Jean-Claude Racinet, the horseman, could not be anything else but a Baucherist. Maybe it could even be said that he couldn't be anything but a horseman in his "profession" (that it couldn’t also be music was his lifelong regret). He was a professor, even (and especially to those who could get an inkling of the man) a confessor: Be it in his inimitable writing or in his oral teaching, he (in the best sense of the word) not only professed, i.e. conveyed, held forth, and exemplified, but also confessed, avowed to his beliefs, made himself (and let himself be made) the voice of a creed. In that, he was a religious man - by no means a man of any "church" or institution, but one who always was aware of life's relatedness with and connection to "higher and deeper things". His scientifically-minded inquisitiveness and his gnostic leanings (the former "official" through his public contributions in books and teaching, the latter, more "private" and known only to few, in his final years' research into issues of "energetics" in the horse) were not only not in contradiction with each other, they indeed "fed and fertilized" each other. Baucher and Faverot de Kerbrech, his maîtres de pensée, had spoken of training and riding horses as eminently practical (free of what they considered the theorizing humbug of traditional dogma) and as "transcendental"; Racinet followed them in his apparently "elementary" practical, hands-on approach (there was no difference for him and with him between beginner and advanced, be it horse or rider), yet called it outright "esoteric". His critical assessment of the essence of "l'équitation de tradition française" (his conceptual evaluation and reorganization and further development of it which, and rightly so, was called "Baucher Third Manner" but which has, to date, not gained the notoriety it merits, except among a much too remote "underground") makes Racinet into one of the most important modern theoreticians of equestrianism - yet, he always (though not without a grin) expressed to me his "humility" in comparison to the "old masters", none of whom escaped his critical scrutiny. Similarly, he always, when we spoke of "real horse work", insisted that he was "not a master rider" (yet, what he may have – again, with a grin - shrugged off and what is too widely unknown among those who took and still take him to be a "dressage" expert, appears in a totally different light when one knows what masters such as Durand or Chapot, olympians of show jumping, think of his work with horses in that discipline!). It was always difficult to compliment Jean-Claude (and to not compliment him, to not show one's understanding of his seminal contribution, even worse). Racinet's humility was the fruit of his awareness that a man's contributions will be measured, maybe past his living time, by the value given to the cause, not by the more immediate usefulness and needs of contemporaries' interests. Provocative and exaggerating he may have seemed to some, irrelevant and marginal to others, speaker of truths, innovator and "breath of fresh air" to the few who could "hear" him -  Jean-Claude took the measure of it all, followed his vocation, adhered to his calling, did what he must and never did less than the best he could. He was a man of measure.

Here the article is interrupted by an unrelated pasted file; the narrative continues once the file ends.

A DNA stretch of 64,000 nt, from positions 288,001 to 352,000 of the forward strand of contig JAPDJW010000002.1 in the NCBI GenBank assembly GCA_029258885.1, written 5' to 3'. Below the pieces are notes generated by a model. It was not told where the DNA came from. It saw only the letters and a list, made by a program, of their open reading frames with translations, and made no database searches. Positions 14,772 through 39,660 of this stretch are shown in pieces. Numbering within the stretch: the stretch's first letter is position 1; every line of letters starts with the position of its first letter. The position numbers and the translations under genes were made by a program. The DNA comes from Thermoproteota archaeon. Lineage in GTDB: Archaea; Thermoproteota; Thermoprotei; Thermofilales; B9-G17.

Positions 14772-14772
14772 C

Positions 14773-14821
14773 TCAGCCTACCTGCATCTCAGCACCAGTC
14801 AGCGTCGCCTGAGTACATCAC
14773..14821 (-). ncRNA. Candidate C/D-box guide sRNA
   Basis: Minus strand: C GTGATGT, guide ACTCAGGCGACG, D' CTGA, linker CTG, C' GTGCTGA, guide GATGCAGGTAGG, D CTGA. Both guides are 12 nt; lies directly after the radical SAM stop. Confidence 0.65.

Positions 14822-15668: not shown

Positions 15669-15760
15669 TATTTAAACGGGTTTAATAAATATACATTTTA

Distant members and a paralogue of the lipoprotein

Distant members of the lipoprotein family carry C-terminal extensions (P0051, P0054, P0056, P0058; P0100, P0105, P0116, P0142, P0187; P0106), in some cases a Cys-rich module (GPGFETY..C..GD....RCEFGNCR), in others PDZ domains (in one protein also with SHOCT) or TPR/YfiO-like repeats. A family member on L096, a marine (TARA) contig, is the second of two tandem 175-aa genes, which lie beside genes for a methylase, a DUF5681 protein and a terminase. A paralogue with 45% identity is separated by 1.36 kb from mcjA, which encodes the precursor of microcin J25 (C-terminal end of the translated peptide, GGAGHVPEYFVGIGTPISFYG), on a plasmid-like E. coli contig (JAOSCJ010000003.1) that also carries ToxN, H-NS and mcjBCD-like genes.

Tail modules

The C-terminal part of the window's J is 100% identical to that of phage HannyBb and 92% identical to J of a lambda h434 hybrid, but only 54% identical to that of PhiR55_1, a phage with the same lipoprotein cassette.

And he had his foibles, his idiosyncrasies, his quirks. He was a man. He made mistakes, not the least the ones leading to his fall. A saddening  synchronicity it is that when it all, all his life's (and not only equestrian life’s) work, "came together", when he (as we, he and I, often remarked with bepuzzlement and relief and joy!) came to the "lion's den" and brought his teaching to Central Europe's riders, it led, by the obscure paths of fate, to his leaving. It is we all who fell with his demise, we the remaining "people of the horse".


    But Jean-Claude Racinet, by leaving, also raises us, he challenges us, still. We may have been few people, during his lifetime, to come to understand what it was in what he brought to us which elevated us: not his excellent methods nor the rightness of his “contents”, but the “height” of his principles. His human principles were the same as his equestrian principles. That is why “doing à la Racinet” with horses while not doing it with our fellow human beings and with the universe we all share, will be the sign of not having understood Master Racinet at all. We who now carry on and take the responsibility he left us with, must not only not forget the man and his work, but we must, most importantly, do his work, in the spirit of Jean-Claude Racinet: we must be critical, questioning, open-minded, flexible, tolerant, devoted, measured, principled. To relegate Racinet to the past would be as false to him as to “borrow bits and pieces” from him for utilitarian purposes or even to make him into an authority of a presumably unassailable truth.